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Waiting For Godot

Charlie Hughes and Donal Courtney in Waiting For Godot. Image by Tom Maher.


Passing The Time

Samuel Beckett’s "Waiting For Godot" is the theatrical equivalent of a jazz standard. Everyone’s familiar with it and many have either seen or read it more than once. Yet when it comes to talking about it people are more likely to talk about what production they’ve seen rather than the play itself. Over the decades there have been many outstanding productions. So do we really need another one? Well, that’s the thing with jazz standards: the basic components might remain unchanged, but they are forever renewable and re-imaginable. And when done right, they open new ways to embrace the original. As is the case with …no alternative… in association with ETHOS’s version of Beckett’s classic. With a cast spanning four decades of Gaiety School of Acting alumni, "Waiting For Godot" pays fitting tribute to director Patrick Sutton’s twenty-seven years at the Gaiety School’s helm. More importantly, it delivers a bracingly good "Waiting For Godot" that can hold its own with some of the very best.

Charlie Hughes and Donal Courtney and Gerard Byrne in Waiting For Godot. Image by Tom Maher.

Under Sutton’s smooth direction, "Waiting For Godot" is no passive Godot wherein everyone’s resigned to waiting idly around. Rather this is an active Godot in which Vladimir and Estragon push against existential ennui and theological absence, forever weighted down by the elevating pressure of hope. Their days might be habits of memory and forgetting, but there’s hope informing their need to be seen, to be alone together or together alone, and in their endless waiting. Showing an understated genius in exploiting movement and space, Sutton use both to reinforce these central themes; with movement circling in small or large patterns, or else in set diagonal lines, accentuating the sense of restless repetition and habit. Throughout, there’s a wonderful piss and spit earthiness to it all, wrapped up in a dishevelled vaudevillian showmanship full of wide armed gesturing and larger than life - but not too much larger - playfulness. And not just during the superb dance and hat routines.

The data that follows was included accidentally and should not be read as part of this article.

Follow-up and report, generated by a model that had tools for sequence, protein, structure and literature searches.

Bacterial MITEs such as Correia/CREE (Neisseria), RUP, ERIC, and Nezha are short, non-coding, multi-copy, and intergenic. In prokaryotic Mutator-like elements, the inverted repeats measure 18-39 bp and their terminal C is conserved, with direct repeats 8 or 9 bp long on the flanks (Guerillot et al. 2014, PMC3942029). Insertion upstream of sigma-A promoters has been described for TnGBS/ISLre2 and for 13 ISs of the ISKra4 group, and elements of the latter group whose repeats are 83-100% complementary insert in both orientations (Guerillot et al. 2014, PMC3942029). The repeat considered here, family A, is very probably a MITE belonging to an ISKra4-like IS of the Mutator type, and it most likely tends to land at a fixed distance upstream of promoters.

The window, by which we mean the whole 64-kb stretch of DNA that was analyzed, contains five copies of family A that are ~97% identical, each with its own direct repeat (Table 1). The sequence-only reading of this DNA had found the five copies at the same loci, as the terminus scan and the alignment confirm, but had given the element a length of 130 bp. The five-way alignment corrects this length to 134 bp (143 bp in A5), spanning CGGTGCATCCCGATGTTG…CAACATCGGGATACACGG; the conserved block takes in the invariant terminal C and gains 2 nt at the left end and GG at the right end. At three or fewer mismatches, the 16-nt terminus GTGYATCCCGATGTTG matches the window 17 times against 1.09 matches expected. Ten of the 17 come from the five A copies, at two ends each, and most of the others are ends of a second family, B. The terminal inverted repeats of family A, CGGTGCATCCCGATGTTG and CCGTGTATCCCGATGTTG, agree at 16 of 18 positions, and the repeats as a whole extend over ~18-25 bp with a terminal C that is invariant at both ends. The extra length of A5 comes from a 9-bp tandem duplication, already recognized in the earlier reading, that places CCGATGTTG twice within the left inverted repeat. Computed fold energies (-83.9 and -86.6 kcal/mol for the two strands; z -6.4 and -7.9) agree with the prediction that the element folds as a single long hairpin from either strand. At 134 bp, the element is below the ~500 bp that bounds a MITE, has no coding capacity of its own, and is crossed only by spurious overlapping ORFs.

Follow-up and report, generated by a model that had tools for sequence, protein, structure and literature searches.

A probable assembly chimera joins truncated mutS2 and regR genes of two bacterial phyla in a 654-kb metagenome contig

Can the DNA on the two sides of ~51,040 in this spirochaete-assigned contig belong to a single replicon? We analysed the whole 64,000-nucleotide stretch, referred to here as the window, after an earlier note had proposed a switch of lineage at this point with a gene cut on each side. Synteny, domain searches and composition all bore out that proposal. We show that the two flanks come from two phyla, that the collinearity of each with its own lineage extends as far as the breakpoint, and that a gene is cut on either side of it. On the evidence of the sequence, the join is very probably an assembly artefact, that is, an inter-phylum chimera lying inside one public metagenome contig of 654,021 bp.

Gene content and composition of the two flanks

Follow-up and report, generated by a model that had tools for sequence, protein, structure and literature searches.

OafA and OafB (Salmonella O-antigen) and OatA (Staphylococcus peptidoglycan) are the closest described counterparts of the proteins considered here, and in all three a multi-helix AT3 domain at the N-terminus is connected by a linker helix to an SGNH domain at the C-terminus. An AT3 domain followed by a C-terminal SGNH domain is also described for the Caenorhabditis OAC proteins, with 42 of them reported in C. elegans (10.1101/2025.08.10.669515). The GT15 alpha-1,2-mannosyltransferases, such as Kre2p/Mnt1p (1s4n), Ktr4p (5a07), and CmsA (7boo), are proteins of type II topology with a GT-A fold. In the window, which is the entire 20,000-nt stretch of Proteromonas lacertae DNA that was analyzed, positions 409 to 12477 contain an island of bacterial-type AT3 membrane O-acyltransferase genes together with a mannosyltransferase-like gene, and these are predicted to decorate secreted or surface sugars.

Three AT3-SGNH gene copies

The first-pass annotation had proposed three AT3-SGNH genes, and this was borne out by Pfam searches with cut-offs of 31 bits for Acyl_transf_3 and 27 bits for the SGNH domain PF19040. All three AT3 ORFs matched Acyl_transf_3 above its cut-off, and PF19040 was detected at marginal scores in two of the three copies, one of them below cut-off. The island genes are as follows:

Rex Ryan in Waiting For Godot. Image by Tom Maher.

Indeed, another of Sutton’s successful choices is in unashamedly embracing Beckett’s silent movie and vaudevillian leanings. A hugely impressive Donal Courtney as Estragon and a wickedly good Charlie Hughes as Vladimir could easily pass for the type of comic double act that once owned the English Music Halls and Northern Club Circuit, with Hughes’ face a legible mask of comedic expressiveness. Visually, Ellen Kirk’s splendid costumes paints them as tramps from the silent movie era. A wise choice, with Courtney’s Estragon frequently moving like a slim, put upon Oliver Hardy stricken with gout, while Hughes’ Vladimir waddles about like Charlie Chaplin with a urinary tract infection. Gerard Byrne’s brash and bombastic Pozzo brings a restless impatience to affairs that soon begins to captivate. As does Rex Ryan’s Lucky. Ryan might do little, but Ryan plays it as if the whole play counted on his performance, never missing a beat or a moment of leg shaking severity. Daniel Shields as Godot’s messenger also does a fine job.

Charlie Hughes and Donal Courtney in Waiting For Godot. Image by Tom Maher.

Everyone has ideas as to what "Waiting For Godot" is about and how it should be played. So not everyone will run with all the choices Sutton makes. Yet under Sutton’s superb direction "Waiting For Godot" teases out the beautifully heartbreaking of lived human moments rather than the dusty abstractions of academia. Maybe Beckett’s right and it’s all just distraction to pass the time at the end of the day. If so, "Waiting For Godot" is the best way to pass the time. Be advised: it’s a sauna in Smock Alley with the current temperatures. Bring a bottle of water. But even if you have to suffer the heat a little: go see this show.

"Waiting For Godot" by Samuel Beckett, presented by …no alternative…in association with ETHOS, runs at Smock Alley Theatre until August 10.

For more information, visit Smock Alley Theatre.

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